Scorekeeping

My husband left the ironing board out. He didn’t leave it tucked into the corner or off to the side where you might not notice it right away. He left it smack in the middle of the room near the door so that you’d crash into it when you entered, banging the bony part of your hip. I know because I did this three mornings in a row and have the bruises to prove it.

Now first, yes, my husband irons. What, I don’t know—shirts, maybe? I don’t know because I don’t own anything that requires ironing. This is on principle. I like things that are easy and ironing is the opposite of easy. It’s more of a quaint, labor-intensive activity that technology should have eliminated the need for by now, like churning butter or sending a passenger pigeon instead of a text.

Second, I’m sure if I did own something that needed ironing, my husband would do it for me. He’s that kind of guy. The point, though, is that I don’t need him to do my ironing. I need him to put the freaking ironing board away.

After three days of the metal behemoth obstructing my path, I upped the ante and left the dishes in the sink. We’d had leftovers for dinner, but my rationale was that I’d cooked the food we were eating (days ago) AND I warmed it up in the microwave. So, husband, clearly I’ve already done a lot of work and thus you owe me and should do the dishes.

Also, you left the ironing board out.

See what I did there? It’s called scorekeeping. I don’t mean to brag, but I’m really good at it. Naturally, when I keep score, I usually win. Except there is no winning. Especially as a mom. I guarantee your list will always be longer, no matter how amazing your partner is. There are the million microscopic needs we are filling all day long that are unseen and un-understood.

There is only losing, because scorekeeping leads to resentment, which leads to fights, which leads to more score keeping, etc. The better option (stay with me here) is grace. Grace is giving someone something that they don’t deserve. See: doing the dishes left in the sink even though you also cooked dinner, wiped down the counter AND fed the cat. Also: putting the ironing board away even when you’re not the one who left it out. Grace, however, does not come naturally to me. Silently seething with resentment is more my thing.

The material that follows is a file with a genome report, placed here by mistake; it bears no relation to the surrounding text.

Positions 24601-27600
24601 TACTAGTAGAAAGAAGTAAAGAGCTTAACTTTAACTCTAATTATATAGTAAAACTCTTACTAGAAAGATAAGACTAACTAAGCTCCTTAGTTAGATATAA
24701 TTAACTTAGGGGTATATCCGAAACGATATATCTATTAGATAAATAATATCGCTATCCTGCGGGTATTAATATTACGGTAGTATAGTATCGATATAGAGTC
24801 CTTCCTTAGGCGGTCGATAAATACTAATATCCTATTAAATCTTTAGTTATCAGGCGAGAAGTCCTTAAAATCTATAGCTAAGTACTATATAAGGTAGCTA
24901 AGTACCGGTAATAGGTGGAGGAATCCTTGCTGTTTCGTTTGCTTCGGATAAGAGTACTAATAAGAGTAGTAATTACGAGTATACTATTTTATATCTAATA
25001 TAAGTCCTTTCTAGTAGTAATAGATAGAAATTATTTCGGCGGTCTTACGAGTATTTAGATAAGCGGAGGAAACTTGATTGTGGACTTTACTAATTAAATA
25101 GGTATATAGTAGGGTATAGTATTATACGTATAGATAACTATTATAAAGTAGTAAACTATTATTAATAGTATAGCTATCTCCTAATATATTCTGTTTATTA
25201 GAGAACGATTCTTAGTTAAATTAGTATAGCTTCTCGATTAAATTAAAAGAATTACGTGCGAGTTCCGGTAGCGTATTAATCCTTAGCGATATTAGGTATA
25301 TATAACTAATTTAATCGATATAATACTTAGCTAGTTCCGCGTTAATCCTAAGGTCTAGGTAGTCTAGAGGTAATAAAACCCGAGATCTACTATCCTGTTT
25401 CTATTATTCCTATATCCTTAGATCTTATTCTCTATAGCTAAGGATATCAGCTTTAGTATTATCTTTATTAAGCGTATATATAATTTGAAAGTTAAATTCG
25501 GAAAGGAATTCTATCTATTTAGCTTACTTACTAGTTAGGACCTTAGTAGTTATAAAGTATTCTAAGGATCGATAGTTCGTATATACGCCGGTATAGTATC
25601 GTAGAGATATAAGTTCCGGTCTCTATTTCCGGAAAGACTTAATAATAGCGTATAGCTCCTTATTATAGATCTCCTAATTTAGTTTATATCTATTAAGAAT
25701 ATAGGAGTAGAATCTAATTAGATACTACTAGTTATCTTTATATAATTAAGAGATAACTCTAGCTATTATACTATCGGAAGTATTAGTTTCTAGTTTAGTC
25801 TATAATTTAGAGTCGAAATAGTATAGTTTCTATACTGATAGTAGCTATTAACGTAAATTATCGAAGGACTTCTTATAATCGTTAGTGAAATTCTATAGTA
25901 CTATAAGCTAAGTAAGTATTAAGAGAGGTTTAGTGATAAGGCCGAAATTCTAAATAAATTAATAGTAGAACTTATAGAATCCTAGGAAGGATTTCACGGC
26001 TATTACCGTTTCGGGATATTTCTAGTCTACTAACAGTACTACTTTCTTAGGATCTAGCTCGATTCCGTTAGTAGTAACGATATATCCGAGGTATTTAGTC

So seethe I did. Then, on day three of Ironing Board-Gate, I had a dream. A nightmare, really. I dreamed that my husband got a big, fancy new job. He was named President of something. (A company? The country? The details were fuzzy.) With this fancy new job came a new car, new wardrobe of expensive ties, and a team of handlers who buzzed around him in dark suits and sunglasses talking into their ear pieces. At some point these handlers summoned me to a hotel suite to meet with my husband. It a beautiful room. It was immaculately clean, fully stocked with all my favorite drinks and snacks, and smelled like a spa. Basically, it was the opposite of our real house. I thought, “I could get used to this.”

It turned out that I was not there to get used to my new life of luxury. Instead the handlers sat me down and told me that along with everything else, my husband was getting a new wife. One who was more “suitable” for his new position. I wasn’t good enough.

Now, if this happened in real life I’d just tell my husband what a shit he was being, remind his handlers what time school pickup was that afternoon, and then go treat myself to a nap in the fancy hotel bed. In the dream, though, I was devastated. All our happy moments together flashed before my eyes and the pain of losing him felt so real that when I woke up I was panting and crying. It wasn’t until I felt him roll over next to me that I realized it wasn’t real.

The truth is, I would be devastated if I lost him. I’d wander around the house wishing he has there to leave the ironing board out. I would wish for the opportunity to cook dinner and then help him with the dishes.

When I woke up the next morning I headed straight for the ironing board. I was determined to fulfill my middle-of-the-night pledge to offer my husband more grace. I pulled the little lever that looked like it would make it fold. Nothing happened. I pushed on the top of it. Still nothing. I flipped it upside down and yanked and pressed on every part of it, swearing under my breath. It creaked and groaned and still it did not budge. I started to sweat, and my cursing grew louder as I wrestled with the unyielding metal.

“Hey, what’s going on?”  My husband appeared in the doorway.

“I’m trying to put the damn ironing board away,” I said, kicking it and stubbing my toe.

“Oh yeah, I’ve been meaning to do that.” I watched as he folded the ironing board in one fluid motion and deposited it in the closet.

“Thanks,” I said. “I have to tell you about this crazy dream I had last night…”

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